Downtown Abbey star, Peter Egan, asks RSPCA to drop their farmed animal assurance scheme

Yesterday, Animal Justice Project launched a petition asking the RSPCA charity to drop their controversial RSPCA Assured food labelling scheme, protect all animals equally and support the transition to a plant-based food system. Spearheaded by TV celebrity Peter Egan, the petition has been signed by veterinarians, animal protection charities, a rock star, and animal sanctuaries.

2024 saw the launch of the RSPCA’s first re-brand in 50 years and the announcement of their promising new messaging ‘every animal deserves our kindness’ and ‘RSPCA: #ForEveryKind’. Even the RSPCA’s CEO Chris Sherwood was quoted saying “Call us woke if you like, but all animals deserve the RSPCA’s protection”. In short, a refreshing rethink of the charity’s approach to inclusivity for all animals regardless of their species. Or is it?

The RSPCA have long been criticised for their failure to protect the rights of farmed animals and their ‘high welfare’ RSPCA Assured food labelling scheme (a paid membership scheme which allows farmers to use the label on their products).

This year alone, registered charity Animal Justice Project, has published three undercover investigations at RSPCA Assured farms and a hatchery. The charity says that these exposés follow years of undercover filming at RSPCA Assured farms and abattoirs. Their findings are unanimously bleak, with extreme health issues and shockingly poor conditions discovered across the board. Proving that animals ‘protected’ by the scheme don’t fare any better than those who aren’t.

It’s not just Animal Justice Project that have exposed RSPCA Assured’s shortcomings. Many other groups have revealed similar findings at RSPCA Assured farms. Demonstrating this isn’t just one ‘bad apple’ but a systemic industry-wide problem.

RSPCA Assured has reprimanded some of the exposed farms by terminating them from the scheme. Unfortunately, these consequences are short lived as membership is often quickly reinstated, resulting in a mere slap on the wrist for negligent farmers.

Given the new inclusive messaging, Animal Justice Project, raises the question of why the RSPCA is still overseeing the RSPCA Assured scheme, despite it advocating the mass exploitation and killing of farmed animals. It may appear an extreme position, yet the charity has won the support of celebrities, veterinarians, animal protection charities, and animal sanctuaries nationwide calling for change within the organisation. They say the RSPCA cannot truly work towards its vision of a world where all animals are respected and treated with kindness whilst simultaneously endorsing the RSPCA Assured scheme.

The scheme is flawed and failing to protect farmed animals. Whilst Animal Justice Project acknowledges the RSPCA’s work for animals, they are calling on them to stay true to their new messaging. Stop assuring the exploitation of farmed animals, care for every kind and support the transition to a plant-based food system.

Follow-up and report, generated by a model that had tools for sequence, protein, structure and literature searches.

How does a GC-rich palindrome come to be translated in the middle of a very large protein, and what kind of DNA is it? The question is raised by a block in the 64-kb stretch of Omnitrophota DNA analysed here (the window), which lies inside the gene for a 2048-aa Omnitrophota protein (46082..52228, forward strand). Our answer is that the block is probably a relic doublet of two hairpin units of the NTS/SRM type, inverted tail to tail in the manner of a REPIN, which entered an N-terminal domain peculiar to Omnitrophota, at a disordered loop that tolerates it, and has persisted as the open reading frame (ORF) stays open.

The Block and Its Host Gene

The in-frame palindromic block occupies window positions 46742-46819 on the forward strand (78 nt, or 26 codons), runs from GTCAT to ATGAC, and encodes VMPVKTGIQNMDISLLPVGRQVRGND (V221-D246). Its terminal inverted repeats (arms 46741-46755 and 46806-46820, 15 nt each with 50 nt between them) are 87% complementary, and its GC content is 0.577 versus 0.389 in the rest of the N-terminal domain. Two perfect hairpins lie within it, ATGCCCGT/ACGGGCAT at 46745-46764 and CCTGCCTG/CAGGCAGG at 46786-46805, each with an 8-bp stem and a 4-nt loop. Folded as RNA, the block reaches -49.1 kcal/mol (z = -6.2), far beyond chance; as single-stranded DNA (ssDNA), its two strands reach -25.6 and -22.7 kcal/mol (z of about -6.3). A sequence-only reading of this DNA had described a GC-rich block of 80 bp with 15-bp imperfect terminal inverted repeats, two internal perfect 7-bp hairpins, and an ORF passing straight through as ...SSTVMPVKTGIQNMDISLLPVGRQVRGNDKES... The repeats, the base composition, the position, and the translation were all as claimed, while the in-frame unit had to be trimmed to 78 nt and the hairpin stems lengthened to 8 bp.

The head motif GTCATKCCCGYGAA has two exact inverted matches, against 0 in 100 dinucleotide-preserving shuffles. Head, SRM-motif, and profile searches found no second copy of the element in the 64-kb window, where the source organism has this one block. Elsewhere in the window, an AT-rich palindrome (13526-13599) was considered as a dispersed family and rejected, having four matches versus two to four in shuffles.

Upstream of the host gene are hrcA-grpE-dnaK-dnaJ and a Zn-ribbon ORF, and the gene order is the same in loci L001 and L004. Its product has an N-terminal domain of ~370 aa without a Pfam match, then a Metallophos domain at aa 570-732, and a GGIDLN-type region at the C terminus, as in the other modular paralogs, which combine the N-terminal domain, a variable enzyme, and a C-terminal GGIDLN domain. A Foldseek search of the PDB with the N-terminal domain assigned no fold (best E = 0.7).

TV celebrity and animal activist, Peter Egan, shows his supports for the campaign:

“As the RSPCA’s 200th anniversary approaches, it’s time for change within the organisation. Along with animal protection groups like Animal Justice Project, I urge the charity to discontinue their RSPCA Assured food labelling scheme and genuinely uphold their vision of a compassionate and kind world for ALL animals. This must include farmed animals, who have suffered on RSPCA Assured farms and in abattoirs for too long. This milestone is an opportunity for the RSPCA to reflect on its relationship with animal farming and embrace a plant-based future.”

Veterinary Professor of Animal Welfare Andrew Knight also supports the call:

“For 200 years the RSPCA has been a champion for animals, and countless animals have benefited from its work. However, its mission is undermined by its RSPCA Assured food product labelling scheme. Numerous videos of conditions inside farms accredited by this scheme have revealed that animals produced in them frequently suffer from poor welfare. Small improvements compared to non-accredited farms are not enough. Instead, the RSPCA should condemn farming systems which violate animal welfare, and become the champion for all animals – as it was intended to be.”

Animal Justice Project campaigner Sean Barrs explains the importance of this campaign:

“The RSPCA helps dogs and cats, so why are they assuring the slaughter of pigs and chickens? As society progresses, so should our views on how we treat other sentient creatures. Even RSPCA CEO Chris Sherwood says all animals deserve the RSPCA protections. Show us how woke you really are RSPCA and stop assuring the exploitation of animals!”

To sign the petition and find out more about Animal Justice Project’s work please click here.


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